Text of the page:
Five years ago, Al Giordano, a former protege of Abbie Hoffman and a political reporter for The Boston Phoenix, disappeared into Latin America on a one-way ticket. He resurfaced months later with a dispatch in the Phoenix from "somewhere in the mountains of southeast Mexico," a phrase that echoes the signoff of the Zapatista rebel leader, Subcomandante Marcos, and he's been in Latin America ever since. He keeps his exact location secret, but his location on the World Wide Web--narconews.com--is not. From there he trumpets a strange mix of news and opinion, rant and fact, about the worlds of drugs, drug policy, and drug enforcement.
Giordano, who's always been an activist first and a, journalist second--he'd been arrested twenty-seven times by the time he was thirty--says he had intended to abandon journalism and enlist with the Zapatista Army of National Liberation. But the rebels, he says, insisted that it was with pen and paper that he could best serve their struggle. "I'd go in and talk to the Zapatistas, and I'd say I'm not a journalist, I don't want to be a journalist, I don't like journalists," he says. "And they'd say, `Yes you are, you are a journalist. Journalism is what you should do.'"
So Giordano began writing again, mostly about the intersection of drugs and political corruption, and for the last few years has been stirring up trouble from his new home. He agreed to lead me there recently, but only after I consented to keep its location secret. The secrecy is crucial, he says, because he has taken issue with some powerful and violent people in Latin America. Traffickers, he contends, are the least of his worries. "I've gotten threatening messages from Colombian paramilitaries," he says. "I'm not a paranoid person, but why take a chance?"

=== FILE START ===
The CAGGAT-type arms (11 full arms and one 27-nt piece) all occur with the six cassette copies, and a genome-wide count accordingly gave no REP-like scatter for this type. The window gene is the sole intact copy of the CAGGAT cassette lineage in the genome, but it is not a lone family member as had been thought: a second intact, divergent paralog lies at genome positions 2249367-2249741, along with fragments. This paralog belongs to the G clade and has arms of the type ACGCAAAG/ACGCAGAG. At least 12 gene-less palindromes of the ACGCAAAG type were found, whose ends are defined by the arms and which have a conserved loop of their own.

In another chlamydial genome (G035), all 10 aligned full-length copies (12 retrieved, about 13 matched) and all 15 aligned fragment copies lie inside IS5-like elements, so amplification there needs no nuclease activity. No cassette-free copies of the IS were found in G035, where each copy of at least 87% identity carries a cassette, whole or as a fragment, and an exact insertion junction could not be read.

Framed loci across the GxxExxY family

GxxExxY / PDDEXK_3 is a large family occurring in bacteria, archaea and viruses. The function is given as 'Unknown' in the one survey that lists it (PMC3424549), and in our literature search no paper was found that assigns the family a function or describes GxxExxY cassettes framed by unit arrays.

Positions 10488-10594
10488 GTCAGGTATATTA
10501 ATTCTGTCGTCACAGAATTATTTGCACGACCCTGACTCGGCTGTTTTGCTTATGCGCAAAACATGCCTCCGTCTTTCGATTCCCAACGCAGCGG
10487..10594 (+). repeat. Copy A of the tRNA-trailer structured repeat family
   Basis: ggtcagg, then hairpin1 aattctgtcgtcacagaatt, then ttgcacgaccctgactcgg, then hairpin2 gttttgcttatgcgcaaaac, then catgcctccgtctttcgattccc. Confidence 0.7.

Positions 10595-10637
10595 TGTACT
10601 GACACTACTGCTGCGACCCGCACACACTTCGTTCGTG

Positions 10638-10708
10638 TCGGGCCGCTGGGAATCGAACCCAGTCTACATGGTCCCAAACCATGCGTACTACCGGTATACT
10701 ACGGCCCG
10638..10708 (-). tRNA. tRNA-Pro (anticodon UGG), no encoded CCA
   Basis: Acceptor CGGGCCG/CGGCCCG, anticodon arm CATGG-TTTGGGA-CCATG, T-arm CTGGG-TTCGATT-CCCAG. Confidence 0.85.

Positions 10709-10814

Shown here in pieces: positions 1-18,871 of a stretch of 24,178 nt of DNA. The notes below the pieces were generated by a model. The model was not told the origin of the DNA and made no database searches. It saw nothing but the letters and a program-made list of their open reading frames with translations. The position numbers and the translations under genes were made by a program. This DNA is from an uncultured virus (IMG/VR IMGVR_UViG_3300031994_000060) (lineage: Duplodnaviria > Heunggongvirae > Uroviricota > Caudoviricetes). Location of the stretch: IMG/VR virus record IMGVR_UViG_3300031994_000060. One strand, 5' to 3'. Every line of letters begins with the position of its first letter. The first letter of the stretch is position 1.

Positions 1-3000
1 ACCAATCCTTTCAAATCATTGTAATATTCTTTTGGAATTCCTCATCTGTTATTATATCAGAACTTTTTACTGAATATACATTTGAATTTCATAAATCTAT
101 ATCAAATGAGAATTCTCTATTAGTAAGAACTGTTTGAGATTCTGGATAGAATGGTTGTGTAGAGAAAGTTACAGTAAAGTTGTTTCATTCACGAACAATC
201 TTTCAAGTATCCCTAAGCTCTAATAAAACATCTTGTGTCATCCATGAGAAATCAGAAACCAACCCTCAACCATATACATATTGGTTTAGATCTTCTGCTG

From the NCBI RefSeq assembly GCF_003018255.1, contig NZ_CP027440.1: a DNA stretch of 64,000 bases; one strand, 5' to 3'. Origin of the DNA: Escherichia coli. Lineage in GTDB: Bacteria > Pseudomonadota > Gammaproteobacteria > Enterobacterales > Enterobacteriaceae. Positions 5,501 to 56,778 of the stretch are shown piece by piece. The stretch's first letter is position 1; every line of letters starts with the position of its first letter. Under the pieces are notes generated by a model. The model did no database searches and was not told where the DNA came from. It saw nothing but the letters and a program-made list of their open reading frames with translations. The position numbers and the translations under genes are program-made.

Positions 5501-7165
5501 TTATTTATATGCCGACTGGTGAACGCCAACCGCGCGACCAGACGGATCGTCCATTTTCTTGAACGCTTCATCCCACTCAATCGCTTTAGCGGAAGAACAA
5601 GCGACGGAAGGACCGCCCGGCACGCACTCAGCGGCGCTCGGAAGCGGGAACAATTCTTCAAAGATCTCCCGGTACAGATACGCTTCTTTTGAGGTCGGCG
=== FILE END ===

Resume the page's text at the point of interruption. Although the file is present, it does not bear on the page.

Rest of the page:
Giordano lives in a quiet place where in the summer the evening rain clings to the grass. His spartan home is wired to the world through a phone line, an Internet connection, and a satellite dish that beams in music videos, sitcoms, and Larry King Live. When he's not traveling, he spends most of his time parked in front of a laptop computer chain-smoking filterless cigarettes while answering e-mail, translating articles from the Spanish-language press, or composing endless diatribes denouncing what he considers the moral bankruptcy of the American drug war.
Occasionally, Giordano files reports for the Phoenix or The Nation, but most of his writing is confined to the pages of the Web site he launched in the spring of 2000 after leaving Chiapas. He publishes a new "issue" of The Narco News Bulletin every few weeks, updating...
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